We cannot help loving people, we fall in love with everyone we meet.
Perhaps we fall in love with people like ourselves most of all, but we are each born and bred to be territorial animals, so perhaps we must always naturally compete and drive away any others around us who are too much like ourselves.
Perhaps we must inherently dislike seeing ourselves in the people closest to us because we cannot bear to see ourselves too clearly.
Perhaps our failure to love anyone we meet would be a failure to love ourselves.
We did not always recognise our love for other people, we only learned to love everyone we meet when we learned to love ourselves unconditionally.
We think all people seek relationships with all other people, regardless of whatever may characterize each individual relationship.
There may be characteristics an individual seeks in the nature of the roles to be played in any specific relationship,such as: family, friend, lover, confidante, security-net, dependent, peer, predator, antagonist, enemy, etc, however, we still fall in love with each person regardless of how they may seem to hurt us or to help us.
The sorts of relationships we are most interested in atm would be those that help us with our writing.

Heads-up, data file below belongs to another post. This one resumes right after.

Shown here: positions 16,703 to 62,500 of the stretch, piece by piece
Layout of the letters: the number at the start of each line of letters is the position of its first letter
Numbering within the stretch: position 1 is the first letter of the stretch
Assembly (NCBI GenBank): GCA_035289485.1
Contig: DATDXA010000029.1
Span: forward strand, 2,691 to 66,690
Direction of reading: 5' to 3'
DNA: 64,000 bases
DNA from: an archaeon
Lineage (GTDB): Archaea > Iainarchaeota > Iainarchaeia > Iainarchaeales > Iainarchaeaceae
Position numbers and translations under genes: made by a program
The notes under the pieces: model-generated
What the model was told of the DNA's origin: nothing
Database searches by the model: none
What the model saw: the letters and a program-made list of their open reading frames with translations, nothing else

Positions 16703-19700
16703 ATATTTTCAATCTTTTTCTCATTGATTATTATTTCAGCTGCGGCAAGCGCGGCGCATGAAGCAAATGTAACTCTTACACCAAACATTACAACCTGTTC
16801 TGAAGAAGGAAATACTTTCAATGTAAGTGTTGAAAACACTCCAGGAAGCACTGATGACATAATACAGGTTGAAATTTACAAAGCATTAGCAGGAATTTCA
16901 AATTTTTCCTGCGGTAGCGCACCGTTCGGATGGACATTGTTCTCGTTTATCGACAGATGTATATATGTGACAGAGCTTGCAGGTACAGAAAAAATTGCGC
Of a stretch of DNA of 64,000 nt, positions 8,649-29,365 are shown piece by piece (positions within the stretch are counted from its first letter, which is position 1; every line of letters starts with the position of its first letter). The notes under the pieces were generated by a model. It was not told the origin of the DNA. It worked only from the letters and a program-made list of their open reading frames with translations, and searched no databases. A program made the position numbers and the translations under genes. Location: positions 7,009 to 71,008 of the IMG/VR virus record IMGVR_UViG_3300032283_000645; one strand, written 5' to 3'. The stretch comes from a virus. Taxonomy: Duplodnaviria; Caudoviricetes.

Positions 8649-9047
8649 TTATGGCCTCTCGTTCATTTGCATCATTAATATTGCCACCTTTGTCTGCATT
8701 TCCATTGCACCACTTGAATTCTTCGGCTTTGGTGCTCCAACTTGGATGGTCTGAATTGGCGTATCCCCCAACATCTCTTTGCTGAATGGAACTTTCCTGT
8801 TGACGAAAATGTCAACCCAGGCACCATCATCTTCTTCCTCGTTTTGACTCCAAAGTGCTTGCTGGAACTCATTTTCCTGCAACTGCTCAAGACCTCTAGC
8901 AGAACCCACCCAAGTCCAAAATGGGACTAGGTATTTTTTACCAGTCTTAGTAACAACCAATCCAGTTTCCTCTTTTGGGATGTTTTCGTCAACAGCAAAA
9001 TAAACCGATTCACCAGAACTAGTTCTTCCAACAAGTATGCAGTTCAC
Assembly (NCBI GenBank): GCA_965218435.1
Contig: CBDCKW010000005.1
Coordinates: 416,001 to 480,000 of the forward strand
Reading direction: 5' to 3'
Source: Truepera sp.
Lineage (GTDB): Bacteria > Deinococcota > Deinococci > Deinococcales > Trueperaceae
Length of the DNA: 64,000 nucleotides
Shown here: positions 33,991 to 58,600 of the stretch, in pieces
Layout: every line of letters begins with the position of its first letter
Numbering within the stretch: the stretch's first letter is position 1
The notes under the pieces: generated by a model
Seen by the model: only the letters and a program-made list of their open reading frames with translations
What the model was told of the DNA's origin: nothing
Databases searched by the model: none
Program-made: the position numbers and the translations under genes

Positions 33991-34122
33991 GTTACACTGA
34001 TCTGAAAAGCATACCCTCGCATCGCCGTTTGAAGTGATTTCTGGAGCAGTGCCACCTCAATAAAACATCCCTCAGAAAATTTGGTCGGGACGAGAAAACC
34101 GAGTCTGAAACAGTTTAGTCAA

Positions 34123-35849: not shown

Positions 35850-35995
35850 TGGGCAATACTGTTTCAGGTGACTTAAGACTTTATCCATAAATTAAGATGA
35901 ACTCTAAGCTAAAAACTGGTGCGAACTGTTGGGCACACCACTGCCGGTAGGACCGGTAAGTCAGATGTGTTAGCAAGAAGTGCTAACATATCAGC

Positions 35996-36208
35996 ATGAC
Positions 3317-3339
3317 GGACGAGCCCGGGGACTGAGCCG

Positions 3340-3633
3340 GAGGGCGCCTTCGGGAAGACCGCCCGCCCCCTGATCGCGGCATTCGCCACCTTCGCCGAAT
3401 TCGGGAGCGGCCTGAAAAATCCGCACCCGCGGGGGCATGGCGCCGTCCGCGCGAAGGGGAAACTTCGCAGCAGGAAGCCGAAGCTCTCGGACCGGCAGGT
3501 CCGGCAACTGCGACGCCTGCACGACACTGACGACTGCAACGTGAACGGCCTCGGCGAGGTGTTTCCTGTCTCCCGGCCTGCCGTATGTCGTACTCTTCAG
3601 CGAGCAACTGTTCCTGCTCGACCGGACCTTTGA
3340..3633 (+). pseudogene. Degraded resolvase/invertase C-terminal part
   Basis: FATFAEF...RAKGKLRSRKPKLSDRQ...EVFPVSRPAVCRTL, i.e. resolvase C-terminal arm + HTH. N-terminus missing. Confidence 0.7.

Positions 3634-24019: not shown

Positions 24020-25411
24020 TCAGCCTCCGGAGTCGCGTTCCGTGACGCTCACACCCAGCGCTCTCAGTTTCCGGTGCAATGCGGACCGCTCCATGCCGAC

But there are a wide range of support roles. Our heart can be trusted to fall in love with everyone, but our mind can be mischievious and may often make us fight or resist the people we come to love most.
We can’t always know what we are really looking for in a relationship, but we can trust that a relationship will exist, and that each relationship will find it’s own appropriate level of being, according to what each member most wants or needs, not in our egos alone, but in our entirety, such that all the dark hidden parts of ourselves will have an equal share in what we manifest together with anyone we love.
Consequently, any enemy is really a friend, any foe is really an ally, and perhaps, any lover may become someone to be feared…
We must surrender parts of ourselves to any lover, those sacrifices are often painful, they may too often seem too hard for us.
It is often easier to fight one another than to agree because it too often seems as if we must give up too much of ourselves to each person whom we love.
We must somehow learn to strike a balance between how much we love ourselves and how much we love all others.
Love asks us to be selfless, to put those we love ahead of ourselves.
But when we put all other people ahead of ourselves then we must trust that those who love us will support us in return, for we no longer know how to compete with anyone, to take from anyone, and yet we cannot live without these trades of goods and services, these tokens of material existence we depend upon for our daily comfort or survival.
We give what we can, to all those who love us, but we give even more to anyone we fail to love well, for we give up our generosity, our kindness, our compassion, our comfort, and our trust when we fail to choose to love well.